Most people are aware that portion sizes have dramatically increased over the past few decades but most of us do not understand the effect the increase in portion sizes has on our bodies. In order to fully understand what is happening related to portion sizes, we first have to understand the difference between portion and serving sizes.
According to the National Institute of Health and the American Heart Association, portion sizes and serving sizes do not always match up and because of this fact, many Americans remain uncertain as to the difference between the two terms.
Portion Size = how much food you choose to eat at one given time. Can be large or small.
Serving Size = measured amount. Listed on a product’s Nutrition Facts panel. (Example: 1 slice of bread, 8 fluid ounces, 1 cup)
It is important to check the Nutrition Facts of products because serving sizes are not universal and differ between products. Many foods that come in single portions contain multiple servings, such as soups, frozen meals, soft drinks and juices. If you’re unsure how to interpret the labels, your Registered Dietitian would be happy to help you learn.
Growing Portion Sizes Lead to Growing Waistlines
An increase in portion sizes over the past few decades have equated to an increase in 50-100 calories per serving; add 100 calories to each day and that can lead to 10 pounds per year!
Americans have seen their waistlines growing, this is in part because of the increased frequency of dining out in restaurants. Restaurant portion sizes are 2-3 times the standard serving size recommendation. Next time you order a plate of spaghetti, think that 1/3 of the plate would be the recommended serving size. According to a recent study from the Journal of Public Health Nutrition, 96% of restaurant meals exceed the USDA recommendations for sodium, fat and total calories.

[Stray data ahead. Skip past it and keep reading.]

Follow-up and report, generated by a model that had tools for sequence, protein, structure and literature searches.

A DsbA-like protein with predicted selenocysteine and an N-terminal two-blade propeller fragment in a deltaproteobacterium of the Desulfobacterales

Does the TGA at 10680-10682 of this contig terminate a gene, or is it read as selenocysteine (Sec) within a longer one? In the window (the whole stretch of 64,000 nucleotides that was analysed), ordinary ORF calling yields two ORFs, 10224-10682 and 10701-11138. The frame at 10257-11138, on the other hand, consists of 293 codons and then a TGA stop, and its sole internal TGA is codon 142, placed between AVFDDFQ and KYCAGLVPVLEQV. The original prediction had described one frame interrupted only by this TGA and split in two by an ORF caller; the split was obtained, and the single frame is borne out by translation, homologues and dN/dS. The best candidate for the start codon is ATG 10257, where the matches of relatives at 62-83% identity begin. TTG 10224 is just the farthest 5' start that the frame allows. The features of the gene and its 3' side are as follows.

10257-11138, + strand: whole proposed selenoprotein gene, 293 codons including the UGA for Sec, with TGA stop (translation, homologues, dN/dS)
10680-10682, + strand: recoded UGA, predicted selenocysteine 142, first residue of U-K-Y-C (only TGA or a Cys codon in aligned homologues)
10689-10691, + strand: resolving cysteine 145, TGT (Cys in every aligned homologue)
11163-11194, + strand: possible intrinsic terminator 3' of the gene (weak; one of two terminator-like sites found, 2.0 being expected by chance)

The increase in portion sizes and in turn the increase in caloric intake, makes it even more critical for Americans to be aware of what a serving size actually looks like. Many individuals tend to consume a larger portion when one is available. Brian Wansink, PhD and author of Mindless Eating, states that when people were given larger buckets of popcorn they ate 44% more calories than those given smaller buckets, even when they thought the popcorn didn’t taste good. An overloaded plate can very well lead to an overloaded stomach and weight gain.
Tips to Control Portion Size:
Normal-sized portions in a super-sized world can be difficult so here are some tips for making it easier!
- Use a lunch or salad plate for dinner
- Plate food and serve food from the stove top, don’t keep serving dishes on the table
- Split an entree or put half in a takeout container when dining out
- Don’t eat from the box or package! Put small amount into a bowl to eat from
- Use measuring cups and spoons at home to become familiar with serving sizes
- Click here for more tips on portion control.
Image courtesy of Alpha on Flickr